Talking Drums

The West African News Magazine

Press Council to dilute Decree 4

by Ben Mensah

After the jailing of two journalists the Military Government has announced the formation of a Press Council to act as the watchdog over the ethics of journalism. The significance of the timing of the announcement should not be lost on Nigerian journalists or analysts of the intentions and policies of the military towards the media.
Even before Maj-Gen Halidu Han-naniya was officially announced as Nigeria's High Commissioner to the United Kingdom, the Diplomatic Correspondent of The Guardian had a story that he was to be replaced by another person.

Tunde Thompson and the paper's assistant news editor Nduka Irabor were each jailed for two years on July 4 under Decree 4 which held that the publication was false.

A day later, July 5, the abortive kidnap of Alhaji Umaru Dikko, the former Nigerian Minister of Transport, took place in London and Maj-Gen Hannaniya who had arrived as High Commissioner only two weeks later was caught in a whirlwind of events that have meant his recall to Nigeria.

And according to the British Foreign Secretary Sir Geoffrey Howe, the return of Maj-Gen Hannaniya to London would be inappropriate - diplomatese for he should not return.

The jailing of the journalists even though crucial to the practice of journalism in the country, was overshadow- ed by the news of the discovery of the crated Umaru Dikko at Stanstead Airport. But the strange twist of events culminating in the return to Lagos of Major-Gen. Hananiya, the subject of the journalists report has focussed attention not only at the provisions of Decree 4 but immediately at the plight of the two journalists.

Was the recall of Major-General Hananiya to Lagos, possibly never to return to his post the wish of somebody high above us mortals who together with the millions of Nigerians, are dissatisfied with Decree 4?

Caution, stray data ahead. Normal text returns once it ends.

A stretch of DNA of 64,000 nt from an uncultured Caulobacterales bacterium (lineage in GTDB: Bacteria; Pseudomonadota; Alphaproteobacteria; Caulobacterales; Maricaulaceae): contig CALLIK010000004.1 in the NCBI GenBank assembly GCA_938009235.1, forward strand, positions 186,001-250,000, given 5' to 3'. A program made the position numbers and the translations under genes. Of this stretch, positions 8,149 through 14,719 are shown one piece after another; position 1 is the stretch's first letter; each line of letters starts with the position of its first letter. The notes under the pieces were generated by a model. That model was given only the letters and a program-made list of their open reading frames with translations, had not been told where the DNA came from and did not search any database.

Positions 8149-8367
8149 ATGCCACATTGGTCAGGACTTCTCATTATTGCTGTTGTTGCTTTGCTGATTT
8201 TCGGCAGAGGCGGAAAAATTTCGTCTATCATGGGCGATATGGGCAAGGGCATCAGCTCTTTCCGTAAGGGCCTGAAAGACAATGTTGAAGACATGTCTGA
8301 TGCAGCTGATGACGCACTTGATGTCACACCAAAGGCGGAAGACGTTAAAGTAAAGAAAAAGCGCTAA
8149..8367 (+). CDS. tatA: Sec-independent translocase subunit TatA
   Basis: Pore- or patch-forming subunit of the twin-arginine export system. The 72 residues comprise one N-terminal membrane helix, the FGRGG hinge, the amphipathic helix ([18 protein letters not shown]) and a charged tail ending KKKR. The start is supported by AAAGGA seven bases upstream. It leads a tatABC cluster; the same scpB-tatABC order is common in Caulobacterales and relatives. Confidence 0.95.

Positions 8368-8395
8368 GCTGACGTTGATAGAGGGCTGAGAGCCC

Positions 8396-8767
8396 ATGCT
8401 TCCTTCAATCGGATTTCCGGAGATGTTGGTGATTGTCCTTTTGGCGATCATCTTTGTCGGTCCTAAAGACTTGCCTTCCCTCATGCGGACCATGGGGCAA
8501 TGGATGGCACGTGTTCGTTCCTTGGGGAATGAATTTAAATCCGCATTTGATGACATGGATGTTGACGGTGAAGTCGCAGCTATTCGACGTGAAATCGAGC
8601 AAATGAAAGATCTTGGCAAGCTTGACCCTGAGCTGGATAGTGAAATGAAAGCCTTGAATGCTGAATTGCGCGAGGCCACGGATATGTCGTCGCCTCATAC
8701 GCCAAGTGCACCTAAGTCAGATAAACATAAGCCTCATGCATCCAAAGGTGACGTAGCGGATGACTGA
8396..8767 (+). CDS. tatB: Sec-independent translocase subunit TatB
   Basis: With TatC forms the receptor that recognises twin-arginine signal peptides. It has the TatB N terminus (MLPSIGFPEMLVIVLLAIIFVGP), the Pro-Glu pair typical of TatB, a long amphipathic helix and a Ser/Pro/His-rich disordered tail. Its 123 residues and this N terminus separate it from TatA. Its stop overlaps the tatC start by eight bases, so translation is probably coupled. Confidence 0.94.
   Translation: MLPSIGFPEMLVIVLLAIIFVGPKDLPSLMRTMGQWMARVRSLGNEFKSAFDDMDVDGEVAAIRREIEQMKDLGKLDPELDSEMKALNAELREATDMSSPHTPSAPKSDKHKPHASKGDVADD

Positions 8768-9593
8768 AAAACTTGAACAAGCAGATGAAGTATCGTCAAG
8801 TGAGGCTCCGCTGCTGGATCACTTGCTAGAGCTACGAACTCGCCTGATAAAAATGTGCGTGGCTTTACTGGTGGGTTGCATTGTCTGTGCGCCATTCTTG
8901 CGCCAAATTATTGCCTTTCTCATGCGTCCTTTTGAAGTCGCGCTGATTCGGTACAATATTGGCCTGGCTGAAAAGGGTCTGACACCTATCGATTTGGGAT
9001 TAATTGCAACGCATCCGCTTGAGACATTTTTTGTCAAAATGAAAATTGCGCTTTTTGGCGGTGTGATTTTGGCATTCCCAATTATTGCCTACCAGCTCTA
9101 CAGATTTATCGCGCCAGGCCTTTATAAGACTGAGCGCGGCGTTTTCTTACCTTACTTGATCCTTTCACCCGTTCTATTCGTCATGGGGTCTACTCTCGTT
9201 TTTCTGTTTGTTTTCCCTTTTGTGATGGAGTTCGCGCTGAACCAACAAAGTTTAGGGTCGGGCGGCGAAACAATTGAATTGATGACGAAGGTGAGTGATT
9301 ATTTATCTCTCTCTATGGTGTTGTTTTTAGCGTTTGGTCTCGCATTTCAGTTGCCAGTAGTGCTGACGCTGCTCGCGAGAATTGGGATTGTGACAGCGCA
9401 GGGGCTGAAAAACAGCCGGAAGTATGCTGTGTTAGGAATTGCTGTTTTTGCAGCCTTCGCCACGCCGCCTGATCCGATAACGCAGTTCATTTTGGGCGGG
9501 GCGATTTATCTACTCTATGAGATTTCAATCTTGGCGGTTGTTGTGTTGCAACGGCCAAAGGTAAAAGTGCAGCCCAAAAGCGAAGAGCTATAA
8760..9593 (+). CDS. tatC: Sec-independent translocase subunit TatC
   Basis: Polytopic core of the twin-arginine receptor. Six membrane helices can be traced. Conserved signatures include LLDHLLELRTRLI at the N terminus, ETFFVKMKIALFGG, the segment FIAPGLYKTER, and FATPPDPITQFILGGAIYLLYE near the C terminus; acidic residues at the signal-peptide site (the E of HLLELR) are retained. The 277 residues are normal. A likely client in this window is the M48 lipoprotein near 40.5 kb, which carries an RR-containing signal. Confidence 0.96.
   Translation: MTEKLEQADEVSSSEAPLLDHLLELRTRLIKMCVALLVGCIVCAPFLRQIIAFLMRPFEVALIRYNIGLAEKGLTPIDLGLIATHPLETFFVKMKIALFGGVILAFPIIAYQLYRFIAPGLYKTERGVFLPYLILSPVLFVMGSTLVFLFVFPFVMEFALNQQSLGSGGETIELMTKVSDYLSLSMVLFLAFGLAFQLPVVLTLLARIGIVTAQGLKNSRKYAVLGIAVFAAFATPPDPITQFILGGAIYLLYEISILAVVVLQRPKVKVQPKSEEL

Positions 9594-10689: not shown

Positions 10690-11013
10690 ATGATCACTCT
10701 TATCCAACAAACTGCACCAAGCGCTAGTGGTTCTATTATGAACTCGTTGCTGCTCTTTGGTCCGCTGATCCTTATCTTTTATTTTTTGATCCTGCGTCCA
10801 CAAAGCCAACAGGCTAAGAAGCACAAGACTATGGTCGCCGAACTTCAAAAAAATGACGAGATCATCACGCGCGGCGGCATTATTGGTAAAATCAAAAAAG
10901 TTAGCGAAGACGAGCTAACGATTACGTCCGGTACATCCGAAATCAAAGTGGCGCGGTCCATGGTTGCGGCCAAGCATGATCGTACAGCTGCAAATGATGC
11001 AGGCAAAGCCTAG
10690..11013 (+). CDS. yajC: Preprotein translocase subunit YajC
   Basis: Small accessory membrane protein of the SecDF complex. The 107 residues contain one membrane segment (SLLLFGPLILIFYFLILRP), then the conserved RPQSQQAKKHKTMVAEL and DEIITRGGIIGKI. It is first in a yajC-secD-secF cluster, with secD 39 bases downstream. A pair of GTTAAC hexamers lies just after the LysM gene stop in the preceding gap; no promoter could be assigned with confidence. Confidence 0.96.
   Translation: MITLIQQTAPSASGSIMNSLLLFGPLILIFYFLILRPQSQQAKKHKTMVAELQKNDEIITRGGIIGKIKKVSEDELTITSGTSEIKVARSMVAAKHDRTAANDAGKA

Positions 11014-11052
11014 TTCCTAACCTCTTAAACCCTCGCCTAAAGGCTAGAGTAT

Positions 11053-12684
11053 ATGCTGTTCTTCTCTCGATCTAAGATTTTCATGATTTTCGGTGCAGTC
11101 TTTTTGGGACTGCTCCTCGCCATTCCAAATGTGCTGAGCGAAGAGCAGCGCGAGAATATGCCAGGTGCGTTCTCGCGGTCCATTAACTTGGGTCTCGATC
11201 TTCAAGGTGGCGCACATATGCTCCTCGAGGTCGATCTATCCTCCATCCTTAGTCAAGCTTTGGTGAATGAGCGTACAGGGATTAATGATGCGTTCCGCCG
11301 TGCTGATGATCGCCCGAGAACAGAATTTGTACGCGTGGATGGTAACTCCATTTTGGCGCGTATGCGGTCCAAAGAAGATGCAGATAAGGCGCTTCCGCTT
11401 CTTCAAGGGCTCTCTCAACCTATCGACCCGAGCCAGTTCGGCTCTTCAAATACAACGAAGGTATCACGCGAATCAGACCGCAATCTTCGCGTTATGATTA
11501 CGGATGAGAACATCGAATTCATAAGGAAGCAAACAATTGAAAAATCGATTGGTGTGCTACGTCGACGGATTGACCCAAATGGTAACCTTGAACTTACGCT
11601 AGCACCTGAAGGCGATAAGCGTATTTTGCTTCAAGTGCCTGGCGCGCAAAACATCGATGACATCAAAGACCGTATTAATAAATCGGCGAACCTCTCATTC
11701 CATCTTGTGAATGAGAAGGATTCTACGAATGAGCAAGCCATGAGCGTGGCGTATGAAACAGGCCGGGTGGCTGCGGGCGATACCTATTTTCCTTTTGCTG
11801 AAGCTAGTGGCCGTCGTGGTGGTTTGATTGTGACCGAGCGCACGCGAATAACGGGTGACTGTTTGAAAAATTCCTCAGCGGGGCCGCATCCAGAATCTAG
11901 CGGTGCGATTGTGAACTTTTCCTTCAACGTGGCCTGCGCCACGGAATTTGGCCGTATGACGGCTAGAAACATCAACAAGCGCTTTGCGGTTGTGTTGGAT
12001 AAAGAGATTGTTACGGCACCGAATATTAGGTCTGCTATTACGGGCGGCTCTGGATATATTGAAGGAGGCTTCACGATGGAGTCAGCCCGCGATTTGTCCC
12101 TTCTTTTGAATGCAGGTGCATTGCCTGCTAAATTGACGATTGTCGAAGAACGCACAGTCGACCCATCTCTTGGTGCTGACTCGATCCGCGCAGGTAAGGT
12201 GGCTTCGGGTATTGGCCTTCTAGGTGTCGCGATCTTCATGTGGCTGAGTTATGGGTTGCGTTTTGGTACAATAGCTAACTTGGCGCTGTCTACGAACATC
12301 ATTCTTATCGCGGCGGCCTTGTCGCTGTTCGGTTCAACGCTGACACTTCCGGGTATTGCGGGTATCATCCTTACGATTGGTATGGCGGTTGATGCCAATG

And as things are now, will Chief Rotimi-Williams who diligently defended the two journalists in court and other legal brains in Nigeria find a basis to successfully appeal against the jailing of the journalists under Decree 4?

Decree 4 titled 'Public Officers (Protection Against False Accusation) Decree 1984' provides for the jailing for two years without the option of a fine, of any journalists found guilty of false publication.

Its promulgation after the Nigerian journalists had cooperated with the military rulers after the overthrow of the constitutional administration carried the ironic message of indictment over the journalists' performance and focussed on views expressed that the media did not do much to perfect and sustain democratic rule in that country. This view was for instance restated in Radio personality a programme, 'Meet the Press' by the man regarded as doyen of journalism in Nigeria, Alhaji Babatunde Jose who is also the chairman of the Nigerian Television Authority (NTA).

Does the failure of journalists in most third world countries to discipline their members who contravene their ethics lie in the suggestion that there is no criterion for categorising journalists and non-journalists as prevails in other professions such as law and medicine?

Alhaji Jose said in the programme in Abeokuta that the 'print media in Nigeria performed far below expectation, and displayed a high degree of irresponsibility during the Second Republic". He regretted that it was unfortunate that the press, charged with the responsibility for monitoring the performances of public office holders, the executive, legislature and the judiciary did not discharge that function.

Alhaji Jose elaborated, 'state and government-owned newspapers saw nothing wrong in the policies, programmes and activities of the party. controlling that government, while private newspapers were only reflecting what the party or the owners of the papers were doing'.